Head in the clouds

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Jul 172006
 
Authors: Mike Donovan

Usually when people’s heads “are in the clouds,” they’re merely daydreaming, but the National Science Foundation (NSF) is financing $19 million for scientists to get their heads up there and focus.

The NSF awarded the money on Monday to CSU to build a Science and Technology Center that will help meteorologists predict the weather using clouds. The 20,000 square foot center will be located at CSU’s Foothills Campus.

The main project at the center will be a climate model that will collect and read cloud samples. These samples will then be compared to a corresponding global atmospheric model. This will revolutionize the way clouds are used to predict the weather and will be used by scientists from all over the world, according to Hank Gardner, the interim vice president for research at CSU.

The NSF Science and Technology Center for Multi-Scale modeling of Atmospheric Processes will be the first NSF center in the state of Colorado, said David Randall, professor of atmospheric science. The center’s stated goal is to more accurately depict cloud processes and to improve weather forecasting.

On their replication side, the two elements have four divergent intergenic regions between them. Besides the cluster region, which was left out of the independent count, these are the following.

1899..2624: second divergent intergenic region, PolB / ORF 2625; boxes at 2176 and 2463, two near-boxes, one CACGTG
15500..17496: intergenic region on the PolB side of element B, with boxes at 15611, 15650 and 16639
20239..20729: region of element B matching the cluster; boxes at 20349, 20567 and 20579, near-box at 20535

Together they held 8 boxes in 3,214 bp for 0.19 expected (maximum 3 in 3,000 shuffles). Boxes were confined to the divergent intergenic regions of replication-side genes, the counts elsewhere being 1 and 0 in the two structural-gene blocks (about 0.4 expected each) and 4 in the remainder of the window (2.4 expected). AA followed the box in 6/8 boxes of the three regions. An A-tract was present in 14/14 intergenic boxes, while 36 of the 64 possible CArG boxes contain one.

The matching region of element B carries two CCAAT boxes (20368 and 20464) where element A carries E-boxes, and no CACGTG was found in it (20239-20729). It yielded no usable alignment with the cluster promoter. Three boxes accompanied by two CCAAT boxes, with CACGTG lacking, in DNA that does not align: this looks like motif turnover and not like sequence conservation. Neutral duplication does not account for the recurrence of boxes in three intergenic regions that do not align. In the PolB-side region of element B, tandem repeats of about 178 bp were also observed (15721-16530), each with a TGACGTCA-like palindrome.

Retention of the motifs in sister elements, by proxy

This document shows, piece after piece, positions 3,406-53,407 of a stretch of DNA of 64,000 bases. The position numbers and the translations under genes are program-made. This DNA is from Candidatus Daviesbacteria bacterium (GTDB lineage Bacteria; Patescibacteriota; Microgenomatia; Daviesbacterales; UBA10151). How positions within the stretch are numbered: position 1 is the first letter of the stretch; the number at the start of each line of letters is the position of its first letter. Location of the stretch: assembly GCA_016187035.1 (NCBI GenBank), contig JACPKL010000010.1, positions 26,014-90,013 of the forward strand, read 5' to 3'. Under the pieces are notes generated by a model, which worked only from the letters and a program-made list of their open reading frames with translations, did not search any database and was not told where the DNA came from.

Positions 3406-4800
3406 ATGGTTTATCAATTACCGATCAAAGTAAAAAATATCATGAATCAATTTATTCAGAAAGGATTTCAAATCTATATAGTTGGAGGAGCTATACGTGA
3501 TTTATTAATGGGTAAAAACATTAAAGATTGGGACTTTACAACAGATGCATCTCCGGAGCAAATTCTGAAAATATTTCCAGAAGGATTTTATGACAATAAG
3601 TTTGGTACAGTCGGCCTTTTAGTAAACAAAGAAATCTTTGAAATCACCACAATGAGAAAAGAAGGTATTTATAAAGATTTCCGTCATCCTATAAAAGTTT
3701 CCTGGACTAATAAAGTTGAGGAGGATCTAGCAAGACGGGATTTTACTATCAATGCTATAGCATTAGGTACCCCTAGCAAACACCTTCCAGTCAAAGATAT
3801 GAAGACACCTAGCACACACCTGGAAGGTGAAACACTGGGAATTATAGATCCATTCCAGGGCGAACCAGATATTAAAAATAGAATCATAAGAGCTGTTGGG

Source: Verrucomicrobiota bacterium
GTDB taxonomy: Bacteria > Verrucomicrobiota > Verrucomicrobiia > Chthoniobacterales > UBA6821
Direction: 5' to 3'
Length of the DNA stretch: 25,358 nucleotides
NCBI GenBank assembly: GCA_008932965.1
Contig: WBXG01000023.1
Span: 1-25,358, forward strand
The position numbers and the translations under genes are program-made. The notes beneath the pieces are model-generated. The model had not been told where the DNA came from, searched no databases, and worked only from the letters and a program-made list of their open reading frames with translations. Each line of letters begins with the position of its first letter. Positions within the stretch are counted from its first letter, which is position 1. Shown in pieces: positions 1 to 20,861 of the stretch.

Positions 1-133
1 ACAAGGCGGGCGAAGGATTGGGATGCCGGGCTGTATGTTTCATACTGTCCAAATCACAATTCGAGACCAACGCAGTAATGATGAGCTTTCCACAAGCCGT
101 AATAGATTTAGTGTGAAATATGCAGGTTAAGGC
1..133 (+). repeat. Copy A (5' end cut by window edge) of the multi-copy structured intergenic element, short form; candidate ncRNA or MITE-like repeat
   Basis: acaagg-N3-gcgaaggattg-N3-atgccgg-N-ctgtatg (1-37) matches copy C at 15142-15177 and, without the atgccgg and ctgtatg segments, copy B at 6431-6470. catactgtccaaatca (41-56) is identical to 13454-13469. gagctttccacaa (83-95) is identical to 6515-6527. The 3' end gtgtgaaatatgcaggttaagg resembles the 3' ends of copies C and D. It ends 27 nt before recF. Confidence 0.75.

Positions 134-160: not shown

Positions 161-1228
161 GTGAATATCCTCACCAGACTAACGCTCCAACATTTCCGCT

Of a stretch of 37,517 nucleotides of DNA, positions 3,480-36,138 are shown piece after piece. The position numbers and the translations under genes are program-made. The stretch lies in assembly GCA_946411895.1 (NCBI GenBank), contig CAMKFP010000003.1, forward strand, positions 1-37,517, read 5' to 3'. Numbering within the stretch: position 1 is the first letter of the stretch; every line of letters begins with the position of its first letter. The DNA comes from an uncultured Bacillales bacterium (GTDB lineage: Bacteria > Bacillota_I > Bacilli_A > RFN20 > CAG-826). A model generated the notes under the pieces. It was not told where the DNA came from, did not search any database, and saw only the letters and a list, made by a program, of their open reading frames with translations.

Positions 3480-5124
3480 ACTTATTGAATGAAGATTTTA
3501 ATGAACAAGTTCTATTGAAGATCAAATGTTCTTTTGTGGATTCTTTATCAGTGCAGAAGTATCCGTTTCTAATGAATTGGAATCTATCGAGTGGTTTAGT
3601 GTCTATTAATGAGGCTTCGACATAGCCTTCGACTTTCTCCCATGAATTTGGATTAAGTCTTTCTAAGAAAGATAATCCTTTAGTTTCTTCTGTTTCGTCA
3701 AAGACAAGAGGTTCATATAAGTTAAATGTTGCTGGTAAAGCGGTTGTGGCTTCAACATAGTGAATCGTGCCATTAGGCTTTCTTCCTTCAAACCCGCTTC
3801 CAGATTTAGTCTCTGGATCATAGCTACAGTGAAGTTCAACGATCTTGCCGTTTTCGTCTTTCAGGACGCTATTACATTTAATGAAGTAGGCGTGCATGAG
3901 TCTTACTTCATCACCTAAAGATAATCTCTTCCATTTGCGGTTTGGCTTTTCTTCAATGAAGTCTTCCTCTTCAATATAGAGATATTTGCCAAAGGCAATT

Randall, who will be the director of the center, believes the center will have a major impact on meteorology.

“I think that we will make much faster process to get to the bottom of the problem of what clouds do and how they work,” Randall said.

The NSF will be giving $19 million over the first five years of the project with the option of a five-year renewal. The money will be used mainly to pay the approximately 30 faculty members, research students, and staffers who will work at the center.

The center will be the continuation of a six-year project that will help predict the weather in both the short and long term. Randall believes that the agreement with the NSF legitimizes the work that has already started.

“A lot of people did a lot of work over a period of six years to achieve this,” Randall said. “It is very gratifying that our hard work has paid off like this.”

CSU President Larry Penley believes that having a Science and Technology Center at CSU will enable the university to continue its high standard of research in various fields.